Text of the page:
Call of the Wild

ISBN-10: 0689856741
ISBN-13: 9780689856747
Edition: 2003
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Description: Originally published in 1903, The Call of the Wild is London's best-known work. Marking the 100th anniversary of the novel, this New Riverside Edition is well timed to place London's work in a new and broader historical context. In addition, the  More...

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Book details

List price: $6.99
Copyright year: 2003
Publisher: Simon & Schuster Children's Publishing
Publication date: 2/1/2003
Binding: Paperback
Pages: 160
Size: 5.25" wide x 7.75" long x 0.50" tall
Weight: 0.220
Language: English

Originally published in 1903, The Call of the Wild is London's best-known work. Marking the 100th anniversary of the novel, this New Riverside Edition is well timed to place London's work in a new and broader historical context. In addition, the volume will show how the critical reception of the work has changed over time. Due to a resurgence of interest in the study of Jack London during the past decade, a wealth of new material is available to further illuminate The Call of the Wild. Supplementary materials in this volume include other London fiction that predated his writing of this novel, letters he wrote about his intentions in writing it, early reviews of the work, and critical essays from past and present.

One of the pioneers of 20th century American literature, Jack London specialized in tales of adventure inspired by his own experiences. London was born in San Francisco in 1876. At 14, he quit school and became an "oyster pirate," robbing oyster beds to sell his booty to the bars and restaurants in Oakland. Later, he turned on his pirate associates and joined the local Fish Patrol, resulting in some hair-raising waterfront battles. Other youthful activities included sailing on a seal-hunting ship, traveling the United States as a railroad tramp, a jail term for vagrancy and a hazardous winter in the Klondike during the 1897 gold rush. Those experiences converted him to socialism, as he educated himself through prolific reading and began to write fiction. After a struggling apprenticeship, London hit literary paydirt by combining memories of his adventures with Darwinian and Spencerian evolutionary theory, the Nietzchean concept of the "superman" and a Kipling-influenced narrative style. "The Son of the Wolf"(1900) was his first popular success, followed by 'The Call of the Wild" (1903), "The Sea-Wolf" (1904) and "White Fang" (1906). He also wrote nonfiction, including reportage of the Russo-Japanese War and Mexican revolution, as well as "The Cruise of the Snark" (1911), an account of an eventful South Pacific sea voyage with his wife, Charmian, and a rather motley crew. London's body broke down prematurely from his rugged lifestyle and hard drinking, and he died of uremic poisoning - possibly helped along by a morphine overdose - at his California ranch in 1916. Though his massive output is uneven, his best works - particularly "The Call of the Wild" and "White Fang" - have endured because of their rich subject matter and vigorous prose.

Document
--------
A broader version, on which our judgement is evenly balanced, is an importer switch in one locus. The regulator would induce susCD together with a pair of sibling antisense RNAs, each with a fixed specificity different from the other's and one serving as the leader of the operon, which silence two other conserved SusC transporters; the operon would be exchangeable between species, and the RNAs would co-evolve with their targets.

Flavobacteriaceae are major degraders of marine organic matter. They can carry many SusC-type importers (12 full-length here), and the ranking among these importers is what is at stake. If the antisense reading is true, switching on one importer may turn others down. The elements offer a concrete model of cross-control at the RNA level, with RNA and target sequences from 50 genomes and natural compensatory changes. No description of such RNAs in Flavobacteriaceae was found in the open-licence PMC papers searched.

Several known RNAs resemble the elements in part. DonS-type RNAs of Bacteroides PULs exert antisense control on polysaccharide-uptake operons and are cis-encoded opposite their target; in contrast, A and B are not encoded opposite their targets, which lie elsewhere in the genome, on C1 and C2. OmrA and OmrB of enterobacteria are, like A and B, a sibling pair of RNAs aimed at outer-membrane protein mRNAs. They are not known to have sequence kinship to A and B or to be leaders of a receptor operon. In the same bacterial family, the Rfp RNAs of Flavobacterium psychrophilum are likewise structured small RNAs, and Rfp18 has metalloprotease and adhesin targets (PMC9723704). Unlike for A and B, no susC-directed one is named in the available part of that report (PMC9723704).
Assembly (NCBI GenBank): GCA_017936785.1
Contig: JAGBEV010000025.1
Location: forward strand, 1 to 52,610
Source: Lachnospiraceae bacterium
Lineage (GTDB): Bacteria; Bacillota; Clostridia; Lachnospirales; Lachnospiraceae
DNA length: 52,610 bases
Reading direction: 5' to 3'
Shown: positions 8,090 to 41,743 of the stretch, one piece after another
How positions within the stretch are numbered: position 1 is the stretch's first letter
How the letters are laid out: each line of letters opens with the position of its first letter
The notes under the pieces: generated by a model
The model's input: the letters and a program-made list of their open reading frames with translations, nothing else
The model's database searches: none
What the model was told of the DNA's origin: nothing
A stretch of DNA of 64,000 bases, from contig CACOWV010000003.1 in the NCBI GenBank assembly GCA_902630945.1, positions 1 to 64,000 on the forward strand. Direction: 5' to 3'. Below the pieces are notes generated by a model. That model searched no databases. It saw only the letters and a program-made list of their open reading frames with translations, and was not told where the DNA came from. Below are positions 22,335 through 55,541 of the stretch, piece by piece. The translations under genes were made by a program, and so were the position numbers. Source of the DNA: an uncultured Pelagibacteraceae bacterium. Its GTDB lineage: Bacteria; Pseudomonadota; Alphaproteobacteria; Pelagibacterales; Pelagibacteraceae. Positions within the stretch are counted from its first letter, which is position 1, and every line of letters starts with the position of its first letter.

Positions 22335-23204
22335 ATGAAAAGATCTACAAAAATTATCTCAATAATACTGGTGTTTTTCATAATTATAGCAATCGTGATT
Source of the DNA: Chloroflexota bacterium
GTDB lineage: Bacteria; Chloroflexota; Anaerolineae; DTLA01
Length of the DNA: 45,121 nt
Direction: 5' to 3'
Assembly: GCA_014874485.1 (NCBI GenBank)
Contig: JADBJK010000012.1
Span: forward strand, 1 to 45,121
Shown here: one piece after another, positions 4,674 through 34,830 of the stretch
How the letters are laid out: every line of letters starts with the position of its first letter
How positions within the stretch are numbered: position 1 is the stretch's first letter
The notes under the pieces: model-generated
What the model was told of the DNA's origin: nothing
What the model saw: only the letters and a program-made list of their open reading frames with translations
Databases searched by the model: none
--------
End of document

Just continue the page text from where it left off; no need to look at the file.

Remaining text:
Gary Paulsen was born on May 17, 1939 in Minnesota. During the first few years of his life, his father was stationed in Europe during World War II and his mother worked in a factory. Paulsen was raised by his grandmother and aunts. He lived overseas after the war in the Phillippines between 1946-49. Ever since he was fifteen, he worked many jobs to support himself. He attended Bemidji College, in Minnesota, paying his tuition by being a trapper. He also spent some time in the army. He decided one day to try writing and tried to become a magazine editor. He spent nearly a year as an associate magazine editor on a magazine for men in Hollywood, California. He published his first book, "Special War," in 1966 and had published nearly forty books and several articles and short stories during his early years. He went back to school in 1972, attending the University of Colorado, but his career was interrupted by a lawsuit in 1977 over "Winterkill." In 1990, he suffered a mild heart attack, which did not hinder his writing at all. Some of Paulsen's most well-known books are the Hatchet series, although he has published many other popular novels including Dogsong, Harris and Me, and The Winter Room, which won the Newbery Honor. Woodsong and Winterdance are among the most popular books about the Iditarod. Paulsen was the recipient of the 1997 Margaret A. Edwards Award for his lifetime achievement in writing for young adults.

Introduction
B�Tardthe Call of the Wild
Into the Primitive
The Law of Club and Fang
The Dominant Primordial Beast
Who Has Won to Mastership
The Toil of Trace and Trail
For the Love of a Man
The Sounding of the Call
Biographical Background
Historical Background
Literary Allusions and Notes
Critical Excerpts
Suggestions for Further Reading

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